Anthony Fry at the Holburne, Bath

Chris Stephens from Tate Britain took over at the Holburne last year and this exciting show is an example of how he intends to develop aspects of this Bath gallery, which is situated  at the end of the extraordinary Great Pulteney Street.

It is not easy to see a collection of Fry’s pictures ; there haven’t been many shows and examples of the work trickle only occasionally through the sale rooms, but never in any quantity. So it is a treat to see a carefully constructed group of his pictures, covering in a couple of small galleries a number of aspects of his long, if sporadic, painting career.

He presumably had enough money not to need to live off his painting output. This impression is reinforced by there having been a long period when it is said he gave up painting altogether. Such a luxury does not always result in successful pictures; one only has to think of the self-indulgence of some of Prunella Clough’s later work, after such promising beginnings in the 1940s. She seems not to have needed to sell anything because of family money.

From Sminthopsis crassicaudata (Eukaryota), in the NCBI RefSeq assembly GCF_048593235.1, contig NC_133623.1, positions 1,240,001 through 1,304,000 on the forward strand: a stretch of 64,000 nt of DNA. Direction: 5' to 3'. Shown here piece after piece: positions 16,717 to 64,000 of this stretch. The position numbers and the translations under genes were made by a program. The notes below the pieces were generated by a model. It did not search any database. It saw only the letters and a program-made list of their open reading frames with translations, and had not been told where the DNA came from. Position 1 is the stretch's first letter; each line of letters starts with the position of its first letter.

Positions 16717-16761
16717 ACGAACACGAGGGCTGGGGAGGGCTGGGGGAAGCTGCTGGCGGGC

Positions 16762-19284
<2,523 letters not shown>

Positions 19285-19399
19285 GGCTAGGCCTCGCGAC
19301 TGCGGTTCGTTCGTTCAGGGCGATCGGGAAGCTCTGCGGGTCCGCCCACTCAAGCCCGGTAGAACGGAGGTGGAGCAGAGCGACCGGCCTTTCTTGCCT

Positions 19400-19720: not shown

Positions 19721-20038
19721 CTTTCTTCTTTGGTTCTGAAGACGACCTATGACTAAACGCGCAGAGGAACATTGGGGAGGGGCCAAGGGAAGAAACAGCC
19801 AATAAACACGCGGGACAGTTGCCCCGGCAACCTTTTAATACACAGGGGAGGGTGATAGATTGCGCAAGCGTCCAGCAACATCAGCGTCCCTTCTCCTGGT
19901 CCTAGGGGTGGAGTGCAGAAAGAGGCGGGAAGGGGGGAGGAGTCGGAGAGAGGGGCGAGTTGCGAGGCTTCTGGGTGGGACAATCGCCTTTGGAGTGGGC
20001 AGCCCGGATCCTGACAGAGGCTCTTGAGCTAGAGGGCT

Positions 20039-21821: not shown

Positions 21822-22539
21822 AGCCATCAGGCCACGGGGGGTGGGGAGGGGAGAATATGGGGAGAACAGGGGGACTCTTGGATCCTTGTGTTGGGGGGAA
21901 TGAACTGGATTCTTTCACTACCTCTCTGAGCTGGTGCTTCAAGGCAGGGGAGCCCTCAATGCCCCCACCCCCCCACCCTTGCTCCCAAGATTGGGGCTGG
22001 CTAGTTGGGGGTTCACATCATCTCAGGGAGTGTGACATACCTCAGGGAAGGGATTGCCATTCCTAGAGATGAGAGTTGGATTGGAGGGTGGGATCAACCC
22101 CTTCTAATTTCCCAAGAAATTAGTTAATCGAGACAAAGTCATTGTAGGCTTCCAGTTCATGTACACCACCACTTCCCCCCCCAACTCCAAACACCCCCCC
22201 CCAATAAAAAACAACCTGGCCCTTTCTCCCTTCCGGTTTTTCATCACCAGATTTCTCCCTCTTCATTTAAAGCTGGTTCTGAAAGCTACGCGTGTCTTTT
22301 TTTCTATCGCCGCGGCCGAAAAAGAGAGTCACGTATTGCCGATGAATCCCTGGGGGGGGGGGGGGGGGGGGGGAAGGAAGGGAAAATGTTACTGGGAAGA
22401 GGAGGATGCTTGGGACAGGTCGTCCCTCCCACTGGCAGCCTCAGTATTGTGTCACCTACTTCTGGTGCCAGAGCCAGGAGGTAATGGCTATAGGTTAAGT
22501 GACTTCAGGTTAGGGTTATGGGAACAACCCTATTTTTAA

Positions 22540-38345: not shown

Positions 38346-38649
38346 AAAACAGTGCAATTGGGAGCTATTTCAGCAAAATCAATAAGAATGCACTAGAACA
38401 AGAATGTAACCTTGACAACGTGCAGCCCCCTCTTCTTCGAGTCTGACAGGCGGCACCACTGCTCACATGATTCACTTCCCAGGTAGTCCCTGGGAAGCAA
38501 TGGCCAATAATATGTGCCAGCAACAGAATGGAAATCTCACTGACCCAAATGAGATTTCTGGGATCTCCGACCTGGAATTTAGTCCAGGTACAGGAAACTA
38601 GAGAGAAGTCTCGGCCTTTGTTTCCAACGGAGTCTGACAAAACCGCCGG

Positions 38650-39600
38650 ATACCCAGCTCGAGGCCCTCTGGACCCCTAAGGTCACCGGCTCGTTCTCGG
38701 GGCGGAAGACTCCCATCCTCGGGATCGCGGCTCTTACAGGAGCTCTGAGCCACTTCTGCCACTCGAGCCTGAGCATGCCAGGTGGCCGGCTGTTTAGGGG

Fry, on the evidence of this show, avoided complacency. He experimented as he moved around subjects and styles. The captions suggest that the fact that he lived in a variety of places in the world for long periods had no effect on his work, but one might query that. It seems to me that his palette must have been influenced by the places he lived in, not to mention the occasional appearance of camels and elephants. His palette reminded me of Craigie Aitchison’s.

So, interesting pictures outside any group or style; yet another 20th century British  artist developing his ideas almost in isolation from any identifiable mainstream influence.

Great things will happen at the Holburne. We should all keep an eye on it.